Looking to the discriminant markers proposed in Table 1, it was possible to notice that 10 compounds were particularly able to explain the differences as related to the addition of forage (i.e., MR-FS) in the cows’ diet. In this regard, the majority of these discriminant metabolites belonged to glycerophospholipids (including lysophosphatidylethanolamines, lysophosphatidylcholines, and phosphatidylcholines), followed by a phenolic metabolite likely related to the forage, such as 5-(3′,4′-Dihydroxyphenyl)-gamma-valerolactone-4′-O-glucuronide and 5alpha-Androstan-3alpha,17beta-diol disulfate (also known as 5a-androstan-3a,17b-diol disulfuric acid). Overall, 5-(3′,4′-Dihydroxyphenyl)-gamma-valerolactone-4′-O-glucuronide belongs to the class of organic compounds known as phenolic glycosides; this compound is reported to be related to a microbial metabolism of flavonoids, as promoted by gut microbiota [32]. In particular, the C-ring fission of flavan-3-ols produces the corresponding diphenylpropan-2-ol and then, this metabolite is further converted into 5-(3′,4′,5′)-tri- and 5-(3′,4′)-Dihydroxyphenyl-gamma-valerolactone in the cases of gallate esters and monomers, respectively. Therefore, gamma-valerolactones and their derivatives (i.e., phenylvaleric acids) have been proposed as exclusive microbial metabolites of flavan-3-ols [33], and likely related to the inclusion of forage in the cow’s diet. Regarding the other marker compounds, in our experimental conditions, it is difficult to find stronger correlations with the feeding system group. For example, 5alpha-Androstan-3alpha, 17beta-diol disulfate is a compound that belongs to the class of organic compounds known as sulfated steroids. This sterol lipid represents an androgen metabolite and possesses a role in the regulation of the hypothalamic–pituitary–adrenal axis (HPA) [34], i.e., a basic reaction of animals to environmental perturbations that threaten homeostasis. Additionally, it has been described as a potent endogenous positive allosteric modulator of the γ–aminobutyric acid (GABA)A receptor, thus potentially being involved in preventing the expression of anxiety and other stress-induced pathologies [35]. Another up-accumulated (LogFC = 1.86) and very significant (VIP score = 2.40 and ROC AUC = 0.91) metabolite characterizing the MR-FS group was N-stearoyl glycine. This compound belongs to the class of organic compounds known as N-acyl-alpha amino acids; these compounds contain an alpha amino acid which bears an acyl group at its terminal nitrogen atom. Thus, stearoylglycine is considered to be a fatty amide lipid molecule. Interestingly, N-acyl-amino acids have emerged in recent years as an important family of endogenous signaling molecules [36]. In fact, they bear many similarities to anandamide, one of the important endocannabinoids, both in chemical structure and in biologic activity, thus possessing both analgesic and anti-inflammatory actions. Finally, the great number of lysophospholipids characterizing the MR-FS group could be related to phospholipolytic phenomena caused by different types of bacterial phospholipases [37]. Overall, it is known that in bovine raw milk, phospholipids are characterized by a great predominance, with a great distribution of phosphatidylcholines (36%), followed by phosphatidylethanolamines (27%), sphingomyelins (22%), phosphatidylinositols (11%), and phosphatidylserines (4%). Additionally, phospholipids and their breakdown products are bioactive compounds involved in cell signaling and have been associated with positive health-promoting effects, such as a reduced risk of neurodegenerative diseases, and antibacterial, anti-inflammatory, and anticancer activities, in addition to a protective role in gastrointestinal mucus [37,38]. Raw milk constitutes an ideal growth medium for different microbes and the main milk constituents also represent potential substrates for a variety of enzymes. In this regard, cold storage represents one of the most used methods to preserve raw milk quality from farms to dairies; however, it does not prevent the growth of psychrotrophic bacteria producing proteases, lipases, and phospholipases that can degrade milk components and cause spoilage [37]. Among this bacterial group, the most important to be cited are Pseudomonas, Acinetobacter, and Bacillus. Additionally, the heat treatments usually carried out in dairies eliminate most of the bacteria load; however, due to their remarkable heat resistance, many of the secreted bacterial enzymes produced by psychrotrophs during cold storage can continue their spoilage actions in both milk and derived dairy products [39]. Therefore, taken together, our findings seem to suggest a great complexity of the markers annotated in providing a clear discrimination between MR- and H-FS groups, likely due to the complexity and the variability of the matrix considered (i.e., milk). Furthermore, considering that in this work, no information is provided regarding the detailed chemical composition of the feeding regimen (i.e., H-FS vs. MR-FS), further investigations appear to be worthwhile in order to assess the importance of these metabolites for discrimination purposes.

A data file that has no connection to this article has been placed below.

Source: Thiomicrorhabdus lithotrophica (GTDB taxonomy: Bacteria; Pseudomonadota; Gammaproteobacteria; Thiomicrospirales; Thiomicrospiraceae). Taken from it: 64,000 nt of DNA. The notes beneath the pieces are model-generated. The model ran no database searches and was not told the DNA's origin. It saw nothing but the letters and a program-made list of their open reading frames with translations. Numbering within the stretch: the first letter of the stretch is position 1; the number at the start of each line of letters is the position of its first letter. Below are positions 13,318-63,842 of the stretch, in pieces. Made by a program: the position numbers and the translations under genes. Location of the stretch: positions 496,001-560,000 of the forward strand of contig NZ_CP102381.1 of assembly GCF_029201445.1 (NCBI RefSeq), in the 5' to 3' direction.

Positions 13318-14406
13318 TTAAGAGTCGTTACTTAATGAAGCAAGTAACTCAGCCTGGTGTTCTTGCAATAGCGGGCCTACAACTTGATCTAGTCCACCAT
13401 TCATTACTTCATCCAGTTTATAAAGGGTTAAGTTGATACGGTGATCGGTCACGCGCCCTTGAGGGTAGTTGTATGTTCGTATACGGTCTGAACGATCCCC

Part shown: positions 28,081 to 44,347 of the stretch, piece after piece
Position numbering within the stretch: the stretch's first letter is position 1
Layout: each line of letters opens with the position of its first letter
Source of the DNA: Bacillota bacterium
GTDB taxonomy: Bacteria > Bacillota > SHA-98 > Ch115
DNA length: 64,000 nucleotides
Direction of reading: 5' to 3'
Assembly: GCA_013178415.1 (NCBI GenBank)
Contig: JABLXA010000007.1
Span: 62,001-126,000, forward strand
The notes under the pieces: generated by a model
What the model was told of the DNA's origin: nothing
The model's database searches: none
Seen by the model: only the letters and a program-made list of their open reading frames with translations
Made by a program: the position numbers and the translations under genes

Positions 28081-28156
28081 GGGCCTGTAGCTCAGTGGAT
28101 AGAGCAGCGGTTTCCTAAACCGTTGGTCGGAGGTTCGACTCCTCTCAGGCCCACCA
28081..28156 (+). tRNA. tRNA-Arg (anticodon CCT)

3.3. Microbial Community Diversity